Sure enough, the April 2015 campaign finance report she filed late Friday was rife with problems -- 2,500 of them to be precise.

That's how much money Florida's Division of Election website on Monday showed she had raised last month. That's $500 from Florida Justice PAC on April 2; $500 from Florida's Right to Know committee on April 4; $1,000 from subsidiaries of U.S. Sugar on April 16; and $500 from the law firm Becker & Poliakoff on April 25.

As of Monday afternoon, campaign finance records filed with the Division of Elections showed that Campbell was the only incumbent lawmaker to have raised money during this time period -- which just happened to be the same time as the 2015 legislative session.

This is bad. Raising money during session is a violation of the House's adopted rules for 2014-2016

Rule 15.3 states that a member "may neither solicit nor accept anything that reasonably may be construed to improperly influence the member's official act, decision, or vote...a member may neither solicit nor accept any campaign contribution during the 60-day regular legislative session or any extended or special session on the member's own behalf."

So what happened?

On Monday afternoon, the Times/Herald called Campbell for an explanation of what appeared to be a violation of House rules.

Campbell said there was a mistake. The checks were written before session started.

"They are lying," Campbell said.

Continue reading "Rep. Daphne Campbell hits fundraising snag" »

May 10, 2015

With video, Ileana Ros-Lehtinen congratulates transgender son for award

via @steverothaus


U.S. Rep. Ileana Ros-Lehtinen on Friday sent video congratulations to her transgender son, Rodrigo Heng-Lehtinen, recipient of SAVE’s 2015 Champions of Equality award.

“Rigo, I’m so very proud of you, not just for this wonderful award, but also for living an authentic life that makes you happy,” Ros-Lehtinen said in the video. “With your courage and your advocacy, you continue to build public support and greater understanding about the LGBT community.”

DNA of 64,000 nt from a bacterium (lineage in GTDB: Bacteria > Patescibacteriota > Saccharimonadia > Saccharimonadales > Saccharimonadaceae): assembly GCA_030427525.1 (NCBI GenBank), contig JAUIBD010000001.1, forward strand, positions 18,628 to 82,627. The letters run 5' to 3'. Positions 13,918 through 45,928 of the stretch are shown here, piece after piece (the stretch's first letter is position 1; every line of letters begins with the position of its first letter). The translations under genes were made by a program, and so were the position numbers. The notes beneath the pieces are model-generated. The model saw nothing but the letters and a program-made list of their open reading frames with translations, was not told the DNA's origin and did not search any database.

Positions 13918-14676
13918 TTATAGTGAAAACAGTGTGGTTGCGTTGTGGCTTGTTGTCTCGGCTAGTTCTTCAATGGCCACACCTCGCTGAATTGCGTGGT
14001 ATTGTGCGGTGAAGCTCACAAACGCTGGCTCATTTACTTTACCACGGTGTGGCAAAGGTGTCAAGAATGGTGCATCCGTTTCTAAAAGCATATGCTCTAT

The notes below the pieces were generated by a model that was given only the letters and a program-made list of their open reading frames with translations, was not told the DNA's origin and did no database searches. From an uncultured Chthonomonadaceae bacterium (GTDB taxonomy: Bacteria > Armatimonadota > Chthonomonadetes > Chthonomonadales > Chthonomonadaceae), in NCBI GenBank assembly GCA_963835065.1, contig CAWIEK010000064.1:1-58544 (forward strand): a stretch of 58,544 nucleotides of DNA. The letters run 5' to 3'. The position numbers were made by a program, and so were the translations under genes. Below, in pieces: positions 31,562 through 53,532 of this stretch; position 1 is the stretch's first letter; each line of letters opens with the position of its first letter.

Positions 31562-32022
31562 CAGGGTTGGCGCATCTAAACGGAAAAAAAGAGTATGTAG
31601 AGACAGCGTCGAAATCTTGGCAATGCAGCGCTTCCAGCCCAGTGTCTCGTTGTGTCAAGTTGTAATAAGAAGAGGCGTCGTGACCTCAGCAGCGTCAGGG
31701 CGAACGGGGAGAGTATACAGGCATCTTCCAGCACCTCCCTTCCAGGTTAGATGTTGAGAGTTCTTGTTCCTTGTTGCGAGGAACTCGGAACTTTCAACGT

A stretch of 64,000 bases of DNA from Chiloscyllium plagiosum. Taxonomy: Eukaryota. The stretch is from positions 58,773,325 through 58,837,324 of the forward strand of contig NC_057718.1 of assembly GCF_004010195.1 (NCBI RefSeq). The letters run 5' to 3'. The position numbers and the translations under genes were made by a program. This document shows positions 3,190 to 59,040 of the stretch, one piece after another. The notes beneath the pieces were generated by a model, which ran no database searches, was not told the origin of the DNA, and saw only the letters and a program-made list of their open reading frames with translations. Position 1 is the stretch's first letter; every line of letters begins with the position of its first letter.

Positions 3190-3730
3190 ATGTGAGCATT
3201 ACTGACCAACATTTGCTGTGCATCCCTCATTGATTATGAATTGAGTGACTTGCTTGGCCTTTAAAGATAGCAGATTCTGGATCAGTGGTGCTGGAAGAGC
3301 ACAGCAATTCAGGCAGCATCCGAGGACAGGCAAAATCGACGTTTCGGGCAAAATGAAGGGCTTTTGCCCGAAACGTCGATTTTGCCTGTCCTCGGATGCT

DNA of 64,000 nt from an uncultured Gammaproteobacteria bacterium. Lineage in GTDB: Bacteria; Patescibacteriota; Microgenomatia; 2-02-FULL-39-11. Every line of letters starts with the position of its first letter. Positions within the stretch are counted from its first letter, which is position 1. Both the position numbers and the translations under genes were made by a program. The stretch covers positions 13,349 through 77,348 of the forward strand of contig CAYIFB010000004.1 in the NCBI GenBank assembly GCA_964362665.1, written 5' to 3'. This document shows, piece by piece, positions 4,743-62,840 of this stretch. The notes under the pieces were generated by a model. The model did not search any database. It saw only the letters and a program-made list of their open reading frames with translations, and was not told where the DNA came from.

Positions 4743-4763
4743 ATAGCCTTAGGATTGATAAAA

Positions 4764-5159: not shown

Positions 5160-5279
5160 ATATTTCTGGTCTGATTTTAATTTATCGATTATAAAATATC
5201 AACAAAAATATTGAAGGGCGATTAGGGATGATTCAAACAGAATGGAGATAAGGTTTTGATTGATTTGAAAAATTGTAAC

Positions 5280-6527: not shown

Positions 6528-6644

Heng-Lehtinen, who grew up in Miami as Amanda, transitioned more than five years ago. The congresswoman couldn’t attend SAVE’s annual Champions of Equality reception — she’s in Europe on official business. Her husband, former U.S. Attorney Dexter Lehtinen, accompanied Rodrigo to the reception

Dexter Lehtinen gave a tearful, emotional speech as he presented Rodrigo with the award.

More here.

Computers tied up for testing leaves some Miami-Dade students dawdling

via @cveiga

Business technology teacher Antonio White is supposed to teach middle and high school students how to type on a computer keyboard and use the full suite of Microsoft Office programs.

But on many days, he doesn’t have access to computers. They’ve been usurped for Florida’s standardized testing.

“There’s not a lot of teaching going on this semester. It’s like school is over,” said White, who teaches at José Martí MAST 6-12 Academy.

Ever since the Florida Department of Education mandated that many tests be taken on a computer, school districts have warned that the decree would come with a cost: lots of lost instructional time.

The prediction has come true, according to many teachers, students and parents.

At Coral Gables Senior High, students say they get sent to the auditorium or even multiple lunches while teachers are busy giving tests. At Palmetto Middle School, students spend hours in the same classroom, at times without a lesson. At José Martí, half the students can be missing from any given class because they’re out taking an exam.